[time-nuts] RF mixers for oscillator characterization, some questions
bruce.griffiths at xtra.co.nz
Mon Apr 6 23:40:41 UTC 2009
Magnus Danielson wrote:
> Bruce Griffiths skrev:
>> Pete wrote:
>>> I have had good experience with the SYPD series
>>> from Mini-circuits. I have not seen any used, but
>>> their new cost is reasonable. They do several things
>>> well e.g. the DC offset on the units I received is
>>> <1mV & they produce >2V p-p when driven @
>>> Pete Rawson
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>> These are OK except when one needs to isolate the IF ground from the RF
>> grounds to avoid low frequency ground loop problems.
>> The RPD and MPD through hole series are better in this regard as they
>> allow the IF ground to be isolated from the RF grounds.
> It should be noted that several of their SMB mixers have separated
> grounds, but it is not documented in their datasheets.
>> The flicker phase noise characteristics of the mixer/phase detector
>> should be measured as some mixers/phase detectors have lower flicker
>> phase noise than others.
>> The termination of the IF port will affect the mixer phase noise. For
>> offset frequencies < 100kHz a capacitive termination of the IF port
>> which reflects the sum frequency back into the mixer reduces the mixer
>> phase noise.
> It essentially sees a very low impedance at those frequencies.
> My experiments with capacitive loading of mixers basically indicates
> that the actual low-frequency slope of an unloaded mixer does not
> change, but the capacitor load filters the sum-frequency (with
> overtones) while a resistive 50 ohm load just loads the amplitude down
> and gives no significant change to performance. Optimum performance out
> of a mixer in my experience comes from fairly high-impedance load at low
> frequencies with a direct capacitive loading for filtering effects.
> A non-filtered response is quite interesting to see with a fairly slow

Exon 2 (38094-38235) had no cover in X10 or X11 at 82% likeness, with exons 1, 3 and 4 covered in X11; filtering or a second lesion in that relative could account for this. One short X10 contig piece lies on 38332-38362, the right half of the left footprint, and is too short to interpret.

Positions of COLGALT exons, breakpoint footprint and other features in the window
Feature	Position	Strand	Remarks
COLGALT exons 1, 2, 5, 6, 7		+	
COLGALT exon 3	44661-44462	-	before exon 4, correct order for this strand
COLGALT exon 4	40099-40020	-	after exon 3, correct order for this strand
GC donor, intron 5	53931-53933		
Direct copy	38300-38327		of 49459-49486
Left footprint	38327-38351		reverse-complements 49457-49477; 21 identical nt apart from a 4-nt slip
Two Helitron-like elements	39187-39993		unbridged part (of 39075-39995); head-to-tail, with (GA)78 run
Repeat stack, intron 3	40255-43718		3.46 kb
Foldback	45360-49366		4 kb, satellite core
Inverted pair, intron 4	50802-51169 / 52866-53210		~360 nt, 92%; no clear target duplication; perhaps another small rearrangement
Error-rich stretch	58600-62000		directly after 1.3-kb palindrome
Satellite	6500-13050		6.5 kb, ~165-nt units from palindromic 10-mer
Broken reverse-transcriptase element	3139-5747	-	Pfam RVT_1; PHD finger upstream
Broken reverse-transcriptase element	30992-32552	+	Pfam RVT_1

> beating frequency occuring. Kind of soothing waveforms floating slowly
> as waves over the scope.
The effect of reflecting the sum frequency back into the mixer is
documented in some Watkins Johnson and HP/Agilent appliction notes.
It can be very effective even at microwave frequencies.
>> The tradeoff is that the mixer output at higher offset
>> frequencies is attenuated by the IF port termination.
>> Terminating the IF port in a capacitor reduces the RF port impedance, so
>> that a low value series resistor (22 to 39 ohms - select for lowest
>> VSWR) is then required to improve the RF port VSWR.
> Which in improves phase-stability as reflected waves has less impact.
> -3 dB pads have also been used by the good folks over at NIST at one time.
The best combination is a series resistor plus an attenuator pad.
>> Terminating the IF port with a capacitor also alters the mixer gain (as
>> a phase detector) so this needs to be measured in conjunction with the noise
> Well... the normal 50 Ohm loading alters the mixer gain... not the cap.
> But since the normation is towards 50 Ohm... ah well...
>> 10514 and 10534 mixers using discrete diodes supposedly have lower
>> flicker noise than mixers using integrated quad diodes.
> They however has common ground in their every day laboratory variants.
> There exist variants meant for production. However, they are not made
> out of that exquisite components, so their performance should be
> replicable, as have been pointed out before.
The B versions intended for through hole PCB mount have separate grounds
for all ports.
These don't seem to be as widely available as they once were although I
have an HP10534B one.
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